It would not be fair, however, to leave this view of the matter, without observing, that this unsteadiness and irregularity of dialogue, which gives such an air of nature to our older plays, and keeps the curiosity and attention so perpetually awake, is very frequently carried to a most blamable excess; and that, independent of their passion for verbal quibbles, there is an inequality and capricious uncertainty in the taste and judgment of these good old writers, which excites at once our amazement and our compassion. If it be true, that no other man has ever written so finely as Shakspeare has done in his happier passages, it is no less true, that there is not a scribbler now alive who could possibly write worse than he has sometimes written, who could, on occasion, devise more contemptible ideas, or misplace them so abominably, by the side of such incomparable excellence.
That there were no critics, and no critical readers in those days, appears to us but an imperfect solution of the difficulty. He who could write so admirably, must have been a critic to himself. Children may play with the most precious gems, and the most worthless pebbles, without being aware of any difference in their value; but the very powers which are necessary to the production of intellectual excellence, must enable the possessor to recognise it as excellence; and he who knows when he succeeds, can scarcely be unconscious of his failures. Unaccountable, however, as it is, the fact is certain, that almost all the dramatic writers of this age appear to be alternately inspired and bereft of understanding; and pass, apparently without being conscious of the change, from the most beautiful displays of genius to the most melancholy exemplifications of stupidity.
There is only one other peculiarity which we shall notice in these ancient dramas; and that is, the singular, though very beautiful, style in which the greater part of them are composed,- -a style which we think must have been felt as peculiar by all who peruse them, though it is by no means easy to describe in what its peculiarity consists. It is not, for the most part, a lofty or sonorous style, nor is it finical or affected, or strained, quaint, or pedantic, but it is, at the same time, a style full of turn and contrivance, -with some little degree of constraint and involution,-very often characterised by a studied briefness and simplicity of diction, yet relieved by a certain indirect and figurative cast of expression,- and almost always coloured with a modest tinge of ingenuity, and fashioned, rather too visibly, upon a particular model of elegance and purity. In scenes of powerful passion, this sort of artificial prettiness is commonly shaken off; and, in Shakspeare, it disappears under all his forms of animation: but it sticks closer to most of his contemporaries. In Massinger (who has no passion), it is almost always discernible; and, in the author before us, it gives a peculiar tone to almost all the estimable parts of his productions.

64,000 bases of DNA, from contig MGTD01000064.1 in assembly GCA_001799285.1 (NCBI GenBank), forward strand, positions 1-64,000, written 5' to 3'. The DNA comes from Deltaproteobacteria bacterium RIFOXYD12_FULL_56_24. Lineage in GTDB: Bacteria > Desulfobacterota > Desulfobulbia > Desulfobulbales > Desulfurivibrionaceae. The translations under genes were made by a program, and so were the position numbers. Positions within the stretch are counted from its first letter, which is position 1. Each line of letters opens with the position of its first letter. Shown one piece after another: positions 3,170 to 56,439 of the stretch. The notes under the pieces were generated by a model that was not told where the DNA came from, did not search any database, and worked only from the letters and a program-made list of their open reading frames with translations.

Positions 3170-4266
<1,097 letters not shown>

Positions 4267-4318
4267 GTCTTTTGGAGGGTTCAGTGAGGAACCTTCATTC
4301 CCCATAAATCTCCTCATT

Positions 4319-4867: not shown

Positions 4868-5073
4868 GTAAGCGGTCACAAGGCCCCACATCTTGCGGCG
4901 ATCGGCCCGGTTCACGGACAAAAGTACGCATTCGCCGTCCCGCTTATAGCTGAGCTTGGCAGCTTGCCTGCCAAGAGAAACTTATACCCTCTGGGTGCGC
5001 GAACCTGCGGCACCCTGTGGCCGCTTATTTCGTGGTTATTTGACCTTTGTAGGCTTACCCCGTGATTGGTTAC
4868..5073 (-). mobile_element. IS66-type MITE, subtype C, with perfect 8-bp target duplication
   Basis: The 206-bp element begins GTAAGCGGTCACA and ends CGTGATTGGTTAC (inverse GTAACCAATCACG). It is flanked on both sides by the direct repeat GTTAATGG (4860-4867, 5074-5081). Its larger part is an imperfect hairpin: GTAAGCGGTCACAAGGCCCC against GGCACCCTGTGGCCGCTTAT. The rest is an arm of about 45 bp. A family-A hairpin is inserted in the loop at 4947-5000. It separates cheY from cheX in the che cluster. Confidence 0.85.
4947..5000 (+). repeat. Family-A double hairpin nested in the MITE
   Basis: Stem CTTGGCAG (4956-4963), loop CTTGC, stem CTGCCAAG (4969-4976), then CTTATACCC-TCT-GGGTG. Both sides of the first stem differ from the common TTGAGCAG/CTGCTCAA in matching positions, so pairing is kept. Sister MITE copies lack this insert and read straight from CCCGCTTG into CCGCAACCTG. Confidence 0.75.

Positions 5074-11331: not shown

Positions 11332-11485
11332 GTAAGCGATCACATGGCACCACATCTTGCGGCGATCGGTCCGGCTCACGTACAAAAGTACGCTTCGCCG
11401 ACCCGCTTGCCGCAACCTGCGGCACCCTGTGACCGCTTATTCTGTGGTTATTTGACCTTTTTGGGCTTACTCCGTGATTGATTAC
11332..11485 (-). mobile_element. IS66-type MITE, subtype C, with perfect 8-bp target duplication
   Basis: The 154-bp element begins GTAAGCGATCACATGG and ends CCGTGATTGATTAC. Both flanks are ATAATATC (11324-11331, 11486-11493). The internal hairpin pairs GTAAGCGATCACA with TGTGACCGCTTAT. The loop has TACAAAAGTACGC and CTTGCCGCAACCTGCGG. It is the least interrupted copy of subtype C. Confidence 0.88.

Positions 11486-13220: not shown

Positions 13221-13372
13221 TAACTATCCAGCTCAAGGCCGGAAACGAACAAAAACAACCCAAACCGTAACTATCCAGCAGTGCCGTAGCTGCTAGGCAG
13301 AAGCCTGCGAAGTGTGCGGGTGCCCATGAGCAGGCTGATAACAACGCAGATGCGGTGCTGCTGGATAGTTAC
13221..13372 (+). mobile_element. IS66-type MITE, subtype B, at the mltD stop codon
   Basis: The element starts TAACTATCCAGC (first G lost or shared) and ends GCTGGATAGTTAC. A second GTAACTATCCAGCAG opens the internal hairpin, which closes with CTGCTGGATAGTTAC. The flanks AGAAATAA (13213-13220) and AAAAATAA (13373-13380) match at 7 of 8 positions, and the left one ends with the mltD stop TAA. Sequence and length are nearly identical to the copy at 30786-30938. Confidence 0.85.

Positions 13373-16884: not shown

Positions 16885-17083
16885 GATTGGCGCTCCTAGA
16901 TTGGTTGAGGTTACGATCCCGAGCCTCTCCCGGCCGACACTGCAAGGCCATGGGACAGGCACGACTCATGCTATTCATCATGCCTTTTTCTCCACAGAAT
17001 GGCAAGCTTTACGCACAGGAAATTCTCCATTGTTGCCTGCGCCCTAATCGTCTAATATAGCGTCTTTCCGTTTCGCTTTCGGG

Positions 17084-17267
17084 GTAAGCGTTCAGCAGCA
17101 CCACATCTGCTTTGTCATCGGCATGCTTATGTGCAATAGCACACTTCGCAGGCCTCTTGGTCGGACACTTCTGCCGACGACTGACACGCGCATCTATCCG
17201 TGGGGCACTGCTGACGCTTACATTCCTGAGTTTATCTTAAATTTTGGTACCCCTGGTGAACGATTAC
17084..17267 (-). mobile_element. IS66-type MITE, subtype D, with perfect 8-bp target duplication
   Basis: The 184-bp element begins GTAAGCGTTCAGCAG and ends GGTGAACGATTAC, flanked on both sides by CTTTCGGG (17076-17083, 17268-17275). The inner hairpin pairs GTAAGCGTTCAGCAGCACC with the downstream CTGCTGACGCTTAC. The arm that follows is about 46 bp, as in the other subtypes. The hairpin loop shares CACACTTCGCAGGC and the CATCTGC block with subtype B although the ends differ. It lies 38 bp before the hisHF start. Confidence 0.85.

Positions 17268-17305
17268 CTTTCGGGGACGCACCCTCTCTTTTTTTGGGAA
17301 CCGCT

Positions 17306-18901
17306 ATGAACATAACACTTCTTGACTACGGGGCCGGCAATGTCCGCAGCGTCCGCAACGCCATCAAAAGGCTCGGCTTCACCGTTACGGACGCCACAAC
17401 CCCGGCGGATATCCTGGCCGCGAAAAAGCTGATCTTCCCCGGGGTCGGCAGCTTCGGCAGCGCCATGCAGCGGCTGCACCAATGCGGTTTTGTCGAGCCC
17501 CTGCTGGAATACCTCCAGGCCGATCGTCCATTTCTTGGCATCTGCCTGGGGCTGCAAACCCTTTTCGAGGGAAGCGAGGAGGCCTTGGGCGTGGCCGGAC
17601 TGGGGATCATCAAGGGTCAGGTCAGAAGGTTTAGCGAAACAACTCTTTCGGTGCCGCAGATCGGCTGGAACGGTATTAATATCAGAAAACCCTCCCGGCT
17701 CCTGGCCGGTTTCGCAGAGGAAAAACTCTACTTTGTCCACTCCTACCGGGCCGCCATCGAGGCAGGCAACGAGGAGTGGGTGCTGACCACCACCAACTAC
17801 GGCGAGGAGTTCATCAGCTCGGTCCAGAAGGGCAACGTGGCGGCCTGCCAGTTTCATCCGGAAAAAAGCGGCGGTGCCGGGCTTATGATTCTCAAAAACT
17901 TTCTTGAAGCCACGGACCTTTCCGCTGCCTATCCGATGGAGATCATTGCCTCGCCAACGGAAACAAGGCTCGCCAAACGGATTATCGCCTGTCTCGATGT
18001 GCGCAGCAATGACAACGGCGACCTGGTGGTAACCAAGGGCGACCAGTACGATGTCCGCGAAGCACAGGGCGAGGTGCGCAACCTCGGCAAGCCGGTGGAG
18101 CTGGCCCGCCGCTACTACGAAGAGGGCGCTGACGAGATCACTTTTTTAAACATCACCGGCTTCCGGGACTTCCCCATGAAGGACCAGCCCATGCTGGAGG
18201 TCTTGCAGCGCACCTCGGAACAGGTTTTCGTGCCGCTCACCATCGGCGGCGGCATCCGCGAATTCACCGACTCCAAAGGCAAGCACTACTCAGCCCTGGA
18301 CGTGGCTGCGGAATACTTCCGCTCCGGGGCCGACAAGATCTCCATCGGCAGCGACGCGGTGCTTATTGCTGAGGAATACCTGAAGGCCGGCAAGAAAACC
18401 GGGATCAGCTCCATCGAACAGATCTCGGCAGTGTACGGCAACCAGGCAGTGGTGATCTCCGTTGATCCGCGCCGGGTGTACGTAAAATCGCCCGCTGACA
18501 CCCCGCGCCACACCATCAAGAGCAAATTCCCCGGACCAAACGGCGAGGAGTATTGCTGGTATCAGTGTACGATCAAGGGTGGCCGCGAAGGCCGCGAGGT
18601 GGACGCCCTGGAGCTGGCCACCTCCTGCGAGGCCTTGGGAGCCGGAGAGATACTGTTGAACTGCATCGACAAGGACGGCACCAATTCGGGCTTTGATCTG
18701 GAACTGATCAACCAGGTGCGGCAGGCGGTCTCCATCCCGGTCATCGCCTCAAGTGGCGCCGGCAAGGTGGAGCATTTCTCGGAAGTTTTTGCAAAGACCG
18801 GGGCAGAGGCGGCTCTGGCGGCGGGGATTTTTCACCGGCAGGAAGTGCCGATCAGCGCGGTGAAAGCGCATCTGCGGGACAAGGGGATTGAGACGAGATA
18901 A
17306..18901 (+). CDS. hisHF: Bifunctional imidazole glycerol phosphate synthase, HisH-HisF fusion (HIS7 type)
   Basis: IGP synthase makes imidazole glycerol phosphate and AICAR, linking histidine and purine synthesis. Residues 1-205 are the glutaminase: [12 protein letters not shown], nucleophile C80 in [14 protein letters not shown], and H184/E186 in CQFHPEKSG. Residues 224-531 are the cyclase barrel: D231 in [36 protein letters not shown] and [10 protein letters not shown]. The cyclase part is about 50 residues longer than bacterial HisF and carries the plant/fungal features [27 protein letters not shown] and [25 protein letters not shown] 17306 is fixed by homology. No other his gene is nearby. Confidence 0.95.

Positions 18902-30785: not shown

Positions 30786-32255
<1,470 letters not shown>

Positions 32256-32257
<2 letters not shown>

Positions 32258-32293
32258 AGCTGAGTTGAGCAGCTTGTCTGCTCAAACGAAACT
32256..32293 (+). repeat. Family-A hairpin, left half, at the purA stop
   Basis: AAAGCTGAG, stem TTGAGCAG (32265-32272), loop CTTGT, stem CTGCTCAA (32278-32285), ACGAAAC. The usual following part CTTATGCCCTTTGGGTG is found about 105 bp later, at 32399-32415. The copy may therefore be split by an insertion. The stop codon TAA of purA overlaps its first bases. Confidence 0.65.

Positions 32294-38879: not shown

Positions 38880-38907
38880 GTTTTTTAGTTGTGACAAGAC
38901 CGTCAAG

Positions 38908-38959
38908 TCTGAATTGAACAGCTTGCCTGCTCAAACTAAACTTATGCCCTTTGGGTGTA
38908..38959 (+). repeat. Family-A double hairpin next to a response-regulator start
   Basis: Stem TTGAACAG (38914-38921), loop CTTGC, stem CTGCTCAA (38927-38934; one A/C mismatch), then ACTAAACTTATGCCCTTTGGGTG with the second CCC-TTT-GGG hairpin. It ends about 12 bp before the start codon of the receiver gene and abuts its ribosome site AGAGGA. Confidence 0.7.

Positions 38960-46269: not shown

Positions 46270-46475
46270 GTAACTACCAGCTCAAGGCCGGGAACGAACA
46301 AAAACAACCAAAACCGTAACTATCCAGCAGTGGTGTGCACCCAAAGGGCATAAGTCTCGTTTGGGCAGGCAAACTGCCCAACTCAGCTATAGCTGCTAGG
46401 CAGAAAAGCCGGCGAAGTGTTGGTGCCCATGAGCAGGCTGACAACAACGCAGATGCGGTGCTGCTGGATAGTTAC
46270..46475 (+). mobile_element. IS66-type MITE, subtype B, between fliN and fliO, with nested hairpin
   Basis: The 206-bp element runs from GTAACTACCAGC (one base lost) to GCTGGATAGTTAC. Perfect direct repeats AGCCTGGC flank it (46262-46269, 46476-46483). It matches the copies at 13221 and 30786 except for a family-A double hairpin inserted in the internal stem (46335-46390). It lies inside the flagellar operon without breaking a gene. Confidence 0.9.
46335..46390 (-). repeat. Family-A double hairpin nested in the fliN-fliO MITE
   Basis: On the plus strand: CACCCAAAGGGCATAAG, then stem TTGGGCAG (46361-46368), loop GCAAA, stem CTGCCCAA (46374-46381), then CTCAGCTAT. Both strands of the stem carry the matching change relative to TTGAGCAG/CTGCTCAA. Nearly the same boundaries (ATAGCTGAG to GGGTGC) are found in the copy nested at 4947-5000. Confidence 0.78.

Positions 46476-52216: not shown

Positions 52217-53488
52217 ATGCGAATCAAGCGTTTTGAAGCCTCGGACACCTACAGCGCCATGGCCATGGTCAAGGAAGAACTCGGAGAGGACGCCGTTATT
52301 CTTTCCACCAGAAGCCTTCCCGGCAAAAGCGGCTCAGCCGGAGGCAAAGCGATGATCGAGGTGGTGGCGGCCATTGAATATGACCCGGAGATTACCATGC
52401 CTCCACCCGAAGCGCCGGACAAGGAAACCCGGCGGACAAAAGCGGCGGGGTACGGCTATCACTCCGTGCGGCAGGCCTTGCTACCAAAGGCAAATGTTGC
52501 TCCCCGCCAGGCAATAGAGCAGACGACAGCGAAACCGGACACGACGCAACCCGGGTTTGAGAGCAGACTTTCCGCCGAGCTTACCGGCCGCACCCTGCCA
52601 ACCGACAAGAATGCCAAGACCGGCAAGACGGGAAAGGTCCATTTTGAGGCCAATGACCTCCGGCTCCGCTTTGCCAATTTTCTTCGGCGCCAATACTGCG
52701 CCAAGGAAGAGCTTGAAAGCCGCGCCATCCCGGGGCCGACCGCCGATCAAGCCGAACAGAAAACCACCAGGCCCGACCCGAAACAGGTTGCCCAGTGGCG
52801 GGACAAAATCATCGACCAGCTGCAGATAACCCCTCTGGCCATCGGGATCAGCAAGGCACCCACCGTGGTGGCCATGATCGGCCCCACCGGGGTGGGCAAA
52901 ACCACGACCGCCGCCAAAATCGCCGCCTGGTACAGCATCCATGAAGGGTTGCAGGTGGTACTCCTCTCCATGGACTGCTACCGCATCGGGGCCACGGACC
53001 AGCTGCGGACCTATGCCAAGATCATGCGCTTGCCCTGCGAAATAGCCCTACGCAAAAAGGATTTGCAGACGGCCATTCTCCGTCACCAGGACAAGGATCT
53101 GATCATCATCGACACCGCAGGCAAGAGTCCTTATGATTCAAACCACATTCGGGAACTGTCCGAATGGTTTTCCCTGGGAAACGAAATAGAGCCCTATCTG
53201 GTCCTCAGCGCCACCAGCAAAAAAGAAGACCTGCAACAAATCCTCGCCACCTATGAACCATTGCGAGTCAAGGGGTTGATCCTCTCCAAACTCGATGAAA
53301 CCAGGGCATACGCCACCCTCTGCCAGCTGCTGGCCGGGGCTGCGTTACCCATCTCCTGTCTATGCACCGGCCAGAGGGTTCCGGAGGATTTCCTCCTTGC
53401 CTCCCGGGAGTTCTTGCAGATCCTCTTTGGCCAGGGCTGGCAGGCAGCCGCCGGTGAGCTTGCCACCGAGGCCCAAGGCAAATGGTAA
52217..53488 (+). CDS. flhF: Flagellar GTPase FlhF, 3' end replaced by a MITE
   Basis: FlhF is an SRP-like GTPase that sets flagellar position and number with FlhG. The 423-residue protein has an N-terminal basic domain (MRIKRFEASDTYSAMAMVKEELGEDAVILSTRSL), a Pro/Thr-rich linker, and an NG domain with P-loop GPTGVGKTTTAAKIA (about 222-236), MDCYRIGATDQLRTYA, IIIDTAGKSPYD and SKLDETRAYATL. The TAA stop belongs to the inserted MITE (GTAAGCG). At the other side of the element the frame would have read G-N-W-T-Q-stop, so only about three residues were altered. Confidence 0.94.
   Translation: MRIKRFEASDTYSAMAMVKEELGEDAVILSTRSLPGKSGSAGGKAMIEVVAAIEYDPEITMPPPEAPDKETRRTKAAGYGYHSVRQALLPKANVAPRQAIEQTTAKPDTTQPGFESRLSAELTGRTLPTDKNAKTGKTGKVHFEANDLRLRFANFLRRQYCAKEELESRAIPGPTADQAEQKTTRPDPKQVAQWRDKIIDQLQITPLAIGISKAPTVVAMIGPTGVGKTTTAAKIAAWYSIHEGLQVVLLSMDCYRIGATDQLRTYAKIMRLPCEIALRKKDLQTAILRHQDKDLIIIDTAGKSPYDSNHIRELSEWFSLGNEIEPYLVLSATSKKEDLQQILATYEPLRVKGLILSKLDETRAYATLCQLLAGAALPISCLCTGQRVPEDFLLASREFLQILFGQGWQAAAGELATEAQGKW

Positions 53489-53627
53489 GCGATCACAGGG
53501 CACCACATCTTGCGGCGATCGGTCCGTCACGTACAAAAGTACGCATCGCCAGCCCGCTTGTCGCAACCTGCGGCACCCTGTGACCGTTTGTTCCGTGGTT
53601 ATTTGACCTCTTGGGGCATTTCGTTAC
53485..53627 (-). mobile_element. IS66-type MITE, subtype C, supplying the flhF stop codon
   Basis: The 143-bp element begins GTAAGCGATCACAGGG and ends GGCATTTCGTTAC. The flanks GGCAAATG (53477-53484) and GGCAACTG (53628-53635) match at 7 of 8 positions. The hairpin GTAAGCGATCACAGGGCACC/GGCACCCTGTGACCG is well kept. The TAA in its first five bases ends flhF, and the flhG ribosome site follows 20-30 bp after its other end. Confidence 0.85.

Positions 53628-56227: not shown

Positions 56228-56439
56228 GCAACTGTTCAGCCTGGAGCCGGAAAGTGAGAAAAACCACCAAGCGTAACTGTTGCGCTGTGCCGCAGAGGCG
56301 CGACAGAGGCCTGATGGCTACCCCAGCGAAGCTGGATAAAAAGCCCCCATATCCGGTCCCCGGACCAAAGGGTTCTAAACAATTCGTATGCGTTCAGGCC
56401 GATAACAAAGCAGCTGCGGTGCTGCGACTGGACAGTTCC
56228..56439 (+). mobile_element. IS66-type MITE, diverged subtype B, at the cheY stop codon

It would be useless, and worse than useless, to give our readers an abstract of the fable and management of each of the nine plays contained in the volumes before us. A very few brief remarks upon their general character, will form a sufficient introduction to the extracts, by which we propose to let our readers judge for themselves of the merits of their execution.
The comic parts are all utterly bad. With none of the richness of Shakspeare's humour, the extravagant merriment of Beaumont and Fletcher, or the strong colouring of Ben Jonson, they are as heavy and indecent as Massinger, and not more witty, though a little more varied, than the buffooneries of Wycherly or Dryden. Fortunately, however, the author's merry vein is not displayed in very many parts of his performances. His plots are not very cunningly digested; nor developed, for the most part, by a train of very probable incidents. His characters are drawn rather with occasional felicity than with general sagacity and judgment. Like those of Massinger, they are very apt to startle the reader with sudden and unexpected transformations, and to turn out, in the latter half of the play, very differently from what they promised to do in the beginning. This kind of surprise has been represented by some as a master-stroke of art in the author, and a great merit in the performance. We have no doubt at all, however, that it arises merely from the writer's carelessness, or change of purpose; and have never failed to feel it a great blemish in every serious piece where it
The author has not much of the oratorical stateliness and imposing flow